The Robe of Feathers

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    Mio Strand is in the Province of Suruga. Its sand is yellow and fine, strewn with rose shells at the ebb tide. Its pine trees are ancient and they lean all one way, which is the way that the wild wind wills. Before Mio rolls the deep sea, and behind Mio rises Fugi, the most sacred, the mountain of mountains. Small marvel that the Strange People should come to Mio.

    Of the Strange People not much is known, even at Mio, though it is sure they come there. It seems they are shy indeed, more’s the pity. They come through the blue air, or across the mysterious paths of the sea. Their footprints are never, never seen upon the wet beach, for they tread too lightly. But sometimes in their dancing they sweep their robes upon the sand and leave it ribbed and ruffled; so, often enough, it may be seen at Mio.

    This is not all. Once a fisherman of Mio set eyes upon a maiden of the Strange People, and talked with her and made her do his bidding. This is a true thing, and thus it came about.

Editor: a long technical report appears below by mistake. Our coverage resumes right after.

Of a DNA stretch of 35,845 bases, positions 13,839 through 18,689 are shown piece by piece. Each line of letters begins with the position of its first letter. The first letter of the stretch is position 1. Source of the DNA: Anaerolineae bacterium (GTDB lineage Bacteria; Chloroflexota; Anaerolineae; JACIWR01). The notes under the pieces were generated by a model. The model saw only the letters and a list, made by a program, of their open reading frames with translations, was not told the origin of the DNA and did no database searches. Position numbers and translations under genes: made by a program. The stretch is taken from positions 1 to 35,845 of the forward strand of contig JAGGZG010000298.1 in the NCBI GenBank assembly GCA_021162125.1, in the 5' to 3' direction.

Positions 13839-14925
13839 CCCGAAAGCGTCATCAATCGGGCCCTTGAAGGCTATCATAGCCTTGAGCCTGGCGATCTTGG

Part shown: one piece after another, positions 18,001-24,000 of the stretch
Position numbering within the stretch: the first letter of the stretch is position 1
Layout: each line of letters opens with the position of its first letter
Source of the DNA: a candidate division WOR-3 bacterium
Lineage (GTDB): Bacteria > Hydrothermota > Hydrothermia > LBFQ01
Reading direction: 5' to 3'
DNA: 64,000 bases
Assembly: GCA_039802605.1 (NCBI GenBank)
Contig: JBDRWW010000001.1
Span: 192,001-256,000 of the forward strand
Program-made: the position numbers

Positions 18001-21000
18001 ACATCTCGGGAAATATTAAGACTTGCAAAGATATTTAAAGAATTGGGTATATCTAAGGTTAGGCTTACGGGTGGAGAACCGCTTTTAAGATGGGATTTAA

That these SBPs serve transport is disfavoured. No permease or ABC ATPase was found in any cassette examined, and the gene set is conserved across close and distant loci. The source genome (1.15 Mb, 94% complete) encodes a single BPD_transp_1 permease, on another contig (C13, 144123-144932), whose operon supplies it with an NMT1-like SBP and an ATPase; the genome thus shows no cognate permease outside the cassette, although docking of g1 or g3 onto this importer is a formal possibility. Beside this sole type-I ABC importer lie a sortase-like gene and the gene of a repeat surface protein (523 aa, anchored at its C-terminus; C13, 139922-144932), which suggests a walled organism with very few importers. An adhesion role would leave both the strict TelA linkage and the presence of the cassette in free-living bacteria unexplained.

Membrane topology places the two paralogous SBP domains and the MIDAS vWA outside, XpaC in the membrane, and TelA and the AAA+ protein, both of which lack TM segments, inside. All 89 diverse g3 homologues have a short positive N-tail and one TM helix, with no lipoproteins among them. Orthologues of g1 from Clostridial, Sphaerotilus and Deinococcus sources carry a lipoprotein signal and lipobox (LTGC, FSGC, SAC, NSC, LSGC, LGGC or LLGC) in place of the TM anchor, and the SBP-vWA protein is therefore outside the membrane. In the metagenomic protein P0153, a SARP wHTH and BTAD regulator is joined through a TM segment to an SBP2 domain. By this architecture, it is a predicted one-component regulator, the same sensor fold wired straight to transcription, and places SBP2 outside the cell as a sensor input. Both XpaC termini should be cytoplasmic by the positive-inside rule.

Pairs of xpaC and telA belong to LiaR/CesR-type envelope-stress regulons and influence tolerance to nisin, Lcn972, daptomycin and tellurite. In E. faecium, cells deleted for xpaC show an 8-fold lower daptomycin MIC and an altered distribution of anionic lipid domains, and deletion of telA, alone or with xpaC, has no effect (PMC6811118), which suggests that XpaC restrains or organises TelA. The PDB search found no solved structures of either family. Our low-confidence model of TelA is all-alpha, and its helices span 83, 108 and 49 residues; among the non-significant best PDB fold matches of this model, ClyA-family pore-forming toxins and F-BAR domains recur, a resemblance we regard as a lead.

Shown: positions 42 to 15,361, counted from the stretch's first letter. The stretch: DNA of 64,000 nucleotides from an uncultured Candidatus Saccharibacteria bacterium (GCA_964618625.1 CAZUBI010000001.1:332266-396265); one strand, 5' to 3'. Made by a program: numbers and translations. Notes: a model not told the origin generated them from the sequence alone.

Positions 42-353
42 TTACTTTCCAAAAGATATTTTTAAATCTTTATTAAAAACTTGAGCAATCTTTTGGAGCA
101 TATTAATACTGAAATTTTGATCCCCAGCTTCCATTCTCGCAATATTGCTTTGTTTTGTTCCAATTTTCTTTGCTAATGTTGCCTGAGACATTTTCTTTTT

The fisherman was out in his boat all night. He cast his net here and he cast his net there, but he caught nothing at all for his pains. It may be believed that he grew weary enough before the morning. In the cold of the dawn he brought his boat to shore and set foot on Mio Strand, shivering.

    Then, so he says, a warm wind met him and blew through his garments and his hair, so that he flushed and glowed. The very sand was full of comfort to his chilly feet. Upon the warm wind a fragrance was borne, cedar and vervain, and the scent of a hundred flowers.

    Flowers dropped softly through the air like bright rain. The fisherman stretched out his hands and caught them, lotus and jessamine and pomegranate. And all the while sweet music sounded.

    “This is never Mio Strand,” cried the fisherman, bewildered, “where I have pulled my boat ashore a thousand times or flown kites upon a holiday. Alack, I fear me I have sailed to the Fortunate Isles unawares, or come unwilling to the Sea King’s garden; or very like I am dead and never knew it, and this is Yomi. O Yomi, Land of Yomi, how like thou art to Mio Strand, my dear home!”

    After he had said this, the fisherman looked up the beach and down the beach, and he turned and saw Fuji, the mountain of mountains, and then he turned and saw the deep rolling sea and knew he was at Mio and no other place, and gave a long sigh.